We all have our favorite foods. The ones we must always have in our pantry or fridge. Believe me, I have a lot! But there are a few that I always have, no matter what.
We all know how important eating whole grains are. I have been cooking large batches of brown rice in a water / low sodium vegetable broth mixture, keeping it in the fridge and warming it up on a daily basis. Brown rice is a complex carbohydrate that provides 15 essential nutrients, including B-vitamins, niacin and potassium. It has a low glycemic index (GI), like raw vegetables and fruits, which reduces sugar spikes in our bodies. Why is this important? High glycemic foods break down quickly and act like sugar, giving a spike of insulin in our bodies. These spikes cause weight gain, sugar cravings and could eventually cause diabetes.
I love eating brown rice with roasted or steamed vegetables – a simple, yet satisfying meal.
Avocado’s have been given a bad name by some for their fat content. But this is why avocados are so healthy for us! They contain large amounts of monounsaturated fat which is “the good fat” for humans, especially for women. They also reduce LDL cholesterol, which is the harmful kind, and increase HDL, good cholesterol. Their creamy texture and delicious taste pairs well with so many items! Eat them sliced, diced or smashed! I toss them in my salads, top my eggs with them, smash them on veggie sandwiches and enjoy them plain.
Beans and Lentils
No wonder beans are named the Magical Fruit. They have a high amount of soluble fiber making this an ideal staple food for those that do not eat meat. They also deliver B vitamins such as folic acid, and minerals such as magnesium, potassium, calcium and iron – very important for pregnant and nursing women. They are used for meat substitutes, dips, milks, as a binder in recipes and even desserts! Looking for a great vegan veggie burger? Try my Bean Burgers!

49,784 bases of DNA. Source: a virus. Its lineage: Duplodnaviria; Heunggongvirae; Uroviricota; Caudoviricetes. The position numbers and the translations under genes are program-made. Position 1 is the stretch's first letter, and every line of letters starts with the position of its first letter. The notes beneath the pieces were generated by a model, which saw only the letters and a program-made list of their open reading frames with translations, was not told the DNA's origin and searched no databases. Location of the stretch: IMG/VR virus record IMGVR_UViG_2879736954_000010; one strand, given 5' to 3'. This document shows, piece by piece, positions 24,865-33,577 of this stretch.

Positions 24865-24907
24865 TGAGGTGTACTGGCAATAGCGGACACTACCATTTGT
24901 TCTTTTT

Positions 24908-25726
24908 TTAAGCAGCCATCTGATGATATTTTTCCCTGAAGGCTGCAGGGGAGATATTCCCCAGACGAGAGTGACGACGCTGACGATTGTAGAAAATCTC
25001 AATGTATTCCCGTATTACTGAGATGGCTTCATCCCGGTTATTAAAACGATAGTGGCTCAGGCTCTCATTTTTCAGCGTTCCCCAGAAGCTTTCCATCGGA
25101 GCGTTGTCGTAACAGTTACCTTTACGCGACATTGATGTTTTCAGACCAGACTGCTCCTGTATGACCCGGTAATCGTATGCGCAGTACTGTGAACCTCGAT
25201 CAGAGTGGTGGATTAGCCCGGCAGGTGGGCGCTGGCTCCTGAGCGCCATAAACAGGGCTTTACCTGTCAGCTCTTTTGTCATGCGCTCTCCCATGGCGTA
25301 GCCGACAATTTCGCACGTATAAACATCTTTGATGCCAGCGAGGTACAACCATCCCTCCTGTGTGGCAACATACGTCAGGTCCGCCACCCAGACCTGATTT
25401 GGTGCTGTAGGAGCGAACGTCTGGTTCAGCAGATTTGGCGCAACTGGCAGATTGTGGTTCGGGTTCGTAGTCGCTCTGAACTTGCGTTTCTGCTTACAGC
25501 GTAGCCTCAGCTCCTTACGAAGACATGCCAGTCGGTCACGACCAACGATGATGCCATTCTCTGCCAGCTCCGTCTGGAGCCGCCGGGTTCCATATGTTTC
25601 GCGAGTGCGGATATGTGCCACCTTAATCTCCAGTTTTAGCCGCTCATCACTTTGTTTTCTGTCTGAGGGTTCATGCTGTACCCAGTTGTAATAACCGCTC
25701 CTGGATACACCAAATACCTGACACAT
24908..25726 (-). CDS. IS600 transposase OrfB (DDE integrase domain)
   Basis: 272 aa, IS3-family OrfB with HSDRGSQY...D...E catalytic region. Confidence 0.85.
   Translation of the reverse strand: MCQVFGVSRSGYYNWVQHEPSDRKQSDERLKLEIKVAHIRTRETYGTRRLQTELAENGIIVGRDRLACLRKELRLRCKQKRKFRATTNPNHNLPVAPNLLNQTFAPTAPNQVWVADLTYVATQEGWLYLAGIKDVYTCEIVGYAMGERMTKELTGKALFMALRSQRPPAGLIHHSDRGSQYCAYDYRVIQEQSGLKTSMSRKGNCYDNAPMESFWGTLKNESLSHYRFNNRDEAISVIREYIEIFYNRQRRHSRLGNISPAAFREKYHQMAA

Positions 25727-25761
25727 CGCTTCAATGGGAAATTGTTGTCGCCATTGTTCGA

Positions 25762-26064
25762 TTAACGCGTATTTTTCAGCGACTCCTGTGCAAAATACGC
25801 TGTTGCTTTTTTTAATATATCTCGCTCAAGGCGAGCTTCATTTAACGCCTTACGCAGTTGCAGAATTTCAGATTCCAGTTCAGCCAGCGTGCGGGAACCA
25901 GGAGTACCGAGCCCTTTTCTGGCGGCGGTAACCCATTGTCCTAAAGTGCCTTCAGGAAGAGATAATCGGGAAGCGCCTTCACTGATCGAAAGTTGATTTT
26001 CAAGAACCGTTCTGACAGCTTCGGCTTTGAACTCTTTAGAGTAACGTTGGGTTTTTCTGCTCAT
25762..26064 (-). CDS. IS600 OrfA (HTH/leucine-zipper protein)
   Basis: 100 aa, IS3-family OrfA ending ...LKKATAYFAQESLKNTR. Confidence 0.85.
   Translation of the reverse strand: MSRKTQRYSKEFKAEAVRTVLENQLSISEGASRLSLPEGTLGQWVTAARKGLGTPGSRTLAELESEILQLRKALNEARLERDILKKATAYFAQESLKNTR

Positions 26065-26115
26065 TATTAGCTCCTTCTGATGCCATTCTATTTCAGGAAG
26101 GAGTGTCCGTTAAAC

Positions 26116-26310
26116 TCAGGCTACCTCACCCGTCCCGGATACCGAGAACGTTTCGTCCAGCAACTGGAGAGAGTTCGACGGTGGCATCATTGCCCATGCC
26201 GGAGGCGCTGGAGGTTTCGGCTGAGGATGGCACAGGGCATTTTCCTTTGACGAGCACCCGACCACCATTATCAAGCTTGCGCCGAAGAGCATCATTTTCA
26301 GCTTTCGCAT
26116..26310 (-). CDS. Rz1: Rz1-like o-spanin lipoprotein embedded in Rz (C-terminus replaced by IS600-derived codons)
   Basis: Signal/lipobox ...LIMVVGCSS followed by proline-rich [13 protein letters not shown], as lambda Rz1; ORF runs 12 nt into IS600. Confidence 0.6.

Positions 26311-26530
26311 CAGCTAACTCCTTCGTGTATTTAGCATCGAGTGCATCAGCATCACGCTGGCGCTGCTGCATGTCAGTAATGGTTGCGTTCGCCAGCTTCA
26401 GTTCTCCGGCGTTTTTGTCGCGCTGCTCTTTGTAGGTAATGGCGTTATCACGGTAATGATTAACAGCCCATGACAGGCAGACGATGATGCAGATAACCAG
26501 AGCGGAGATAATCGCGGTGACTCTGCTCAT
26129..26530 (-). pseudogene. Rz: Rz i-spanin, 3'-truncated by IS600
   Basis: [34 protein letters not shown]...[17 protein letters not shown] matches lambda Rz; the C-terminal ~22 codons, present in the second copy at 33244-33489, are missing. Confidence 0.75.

Nuts are a great source of fiber, Omega fats and over all a perfect food. High in vitamins and nutrients, nuts pack a full punch of sustainable energy and nutrition. Walnuts are known to have the highest amount of good fat, omega 3’s. I buy raw nuts in bulk – almonds, cashews, pine nuts, pecans and walnuts. But because nuts are tightly packed with nutrients and fat, they are still calorie loaded you only need a small amount to benefit from their nutrients. Go with a handful or about a 1/4 cup. But be careful of pre-packaged nuts as they can have a high amount of sodium. Try them in salads, oatmeal, pancakes, baked goods, cereal, granola, with steamed or roasted vegetables… the ideas are endless! Or simply have a handful with a piece of fruit for a snack that will curb the mid-day munchies. See how simple it is to make your own Almond Milk, or try my delicious Cashew Cheese Spread.
Spinach, kale, mustard greens, chard, broccoli … any green plant is a must have in my diet! Dark green leafy vegetables are, calorie for calorie, perhaps the most concentrated source of nutrition of any food. They are a rich source of minerals (including iron, calcium, potassium, and magnesium) and vitamins, including vitamins K, C, E, and many of the B vitamins. They also provide a variety of phytonutrients including beta-carotene, lutein, and zeaxanthin, which protect our cells from damage and our eyes from age-related problems, among many other effects. Plus they taste great and versatile. Steamed, cooked in soups and stews, blended and roasted. Americans do not incorporate enough greens in their diet, besides iceberg lettuce (which has near to zero nutrients). Greens need to be part of our daily diets as they contain so many of the essential nutrients our body depends on.
Our health is based on nutrition – we are what we eat. Be conscious about what you are feeding your body. Eat a variety of plant based foods, limiting your intake of processed foods and un-natural ingredients.
Mother Earth created plants for a reason. Enjoy them!
What are some of your favorite foods?